Comparison and Competition

“Comparison is the thief of joy.”

-Theodore Roosevelt

I hate to say it, but insecurity reared its ugly head again the other day. I’ve gotten better at detecting it and stopping it at the source (comparison), but unfortunately, I’m not perfect and not immune to it weaseling its way in to my mind from time to time. Growing up, it was one of my biggest downfalls. I always wanted to be the best at something or better than everyone else (a note on that later). I would purposely avoid doing things I was interested in, like soccer or dance, because I knew I wouldn’t be as good as the other kids who had been doing it longer than me. I still catch myself deciding I’m not cut out for something or won’t be competent at it before even giving it a go. It’s my way of trying to protect myself from embarrassment or feeling less than. The factor I always ignore is that the other people probably weren’t experts immediately. They had to put in work and time to get to where they are now.

For me, comparison has always led to competition. Unhealthy, soul-sucking, spirit-crushing, entirely-for-the-wrong-reasons, tear-the-other-person-down competition. I believed if I could make myself seem superior, unflawed, and great at everything, I would win. Yet, I was my own worst enemy. Isn’t that typically how it goes? I took my own insecurities and tried to attack the person that made me feel inferior by going after something in the same category. However, it never made me feel better in the long run. I was, more or less, trying to keep my head barely above water by drowning someone else. I feel like this scenario is all too common, especially with the prevalence of social media. Being able to compare yourself to anyone in the world is readily available at your finger tips. Are you so full of yourself that it actually makes you feel better? Are you tearing them down in an effort to combat your own internal issues? Are you thinking you don’t measure up? What’s interesting is where we try to cut people down is typically where society expects us to excel. Brené Brown speaks of the gender-related societal expectations in Daring Greatly, which is a book I highly recommend!

Men: don’t be weak

Women: be nice, pursue a thin body ideal, show modesty by not calling attention to one’s talents or abilities, be domestic, care for children, invest in a romantic relationship, keep sexual intimacy contained within one committed relationship, and use our resources to invest in our appearance

Now think of where you’ve criticized others or even yourself. Does it fall under any of those categories? Mine definitely do. What we have to work on is observing without comparing. There’s a difference between saying another girl is pretty and saying that she’s prettier than you or that you’re prettier than her. If comparison is leading to unhealthy competition, drop the ‘than’. Focus on being confident in yourself and your abilities without tearing anyone else down in the process, including yourself. Work towards being able to look at qualities someone else possesses with admiration instead of jealousy. Learn to distinguish between something you want to be and obtain for yourself versus to compete with someone else. Use what matters to you as motivation to be your personal best rather than to “win” at a game that never ends.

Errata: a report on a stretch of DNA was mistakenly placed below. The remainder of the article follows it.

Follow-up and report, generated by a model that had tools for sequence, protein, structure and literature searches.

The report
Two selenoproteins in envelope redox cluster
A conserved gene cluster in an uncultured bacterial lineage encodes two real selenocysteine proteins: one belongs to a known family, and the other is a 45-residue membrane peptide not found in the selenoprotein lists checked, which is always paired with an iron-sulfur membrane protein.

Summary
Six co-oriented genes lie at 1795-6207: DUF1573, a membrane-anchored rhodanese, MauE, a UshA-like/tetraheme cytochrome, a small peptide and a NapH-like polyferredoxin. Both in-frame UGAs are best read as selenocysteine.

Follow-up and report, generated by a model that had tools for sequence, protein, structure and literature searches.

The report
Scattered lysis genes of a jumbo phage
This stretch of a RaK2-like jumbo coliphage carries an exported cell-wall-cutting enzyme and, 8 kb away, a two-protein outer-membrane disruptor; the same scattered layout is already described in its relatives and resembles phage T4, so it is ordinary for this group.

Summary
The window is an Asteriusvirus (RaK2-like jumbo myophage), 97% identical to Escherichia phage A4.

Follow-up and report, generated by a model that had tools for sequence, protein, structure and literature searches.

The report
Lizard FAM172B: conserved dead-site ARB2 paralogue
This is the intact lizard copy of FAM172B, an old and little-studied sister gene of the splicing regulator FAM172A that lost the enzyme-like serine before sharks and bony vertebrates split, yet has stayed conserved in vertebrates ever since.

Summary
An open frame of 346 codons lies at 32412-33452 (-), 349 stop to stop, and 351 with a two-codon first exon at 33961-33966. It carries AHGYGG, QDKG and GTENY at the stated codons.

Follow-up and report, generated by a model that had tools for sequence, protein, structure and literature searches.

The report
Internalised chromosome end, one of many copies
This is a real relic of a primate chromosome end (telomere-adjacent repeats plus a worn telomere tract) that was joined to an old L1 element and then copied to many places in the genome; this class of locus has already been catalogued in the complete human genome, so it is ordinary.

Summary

***A Note on “Better”. All too often we’re stuck in a cycle of better. We want a better job, better for (y)our children, we believe we’re the better worker, we refer to the new person in our exes’ lives as, most likely, someone we’re better than. What we have a hard time understanding is that in any of those situations, nothing is necessarily better, just different. Wanting to avoid working the jobs at the bottom of the totem pole, like McDonald’s which is typically the go-to, for you or your child is understandable, but there are valuable lessons to be learned in any service industry. What people fail to realize is that it’s working at those jobs where you learn to interact with all sorts of different personalities, in regards to customers, and you can decide which one you want to be when you’re on the other side. Those jobs give you an opportunity to be empathetic, wait patiently in line, put something back where you got it, or be careful not to create a mess when you walk into a store right before closing time. You know what it’s like to be waiting for the last customer to leave so you can clean up or go home. You also realize that all of your coworkers, yourself included, and everyone else in the workforce are all just trying to make a living. Don’t make yourself out to be above a certain job title and those that have it due to your education or qualifications. (That was a hard one for me to come to terms with.) Let’s not subscribe to a societal hierarchy where we value a person’s worth based on their job description. When it comes to fellow coworkers, I’ve observed that the “worst” employee, the one negatively being talked about by managers and other workers, still pays attention to something the “best” one doesn’t. We’re too busy thinking of ourselves so highly to realize we can still improve and learn a thing or two of what to do from the “worst” ones. We all bring something different to the table. The same goes for relationships that end and the inevitable new relationships that will come about. It’s not an issue of someone actually being better as a person than another, it’s about people being better suited for each other. Always trust that if they can find someone better suited for them, you can find someone better suited for you.

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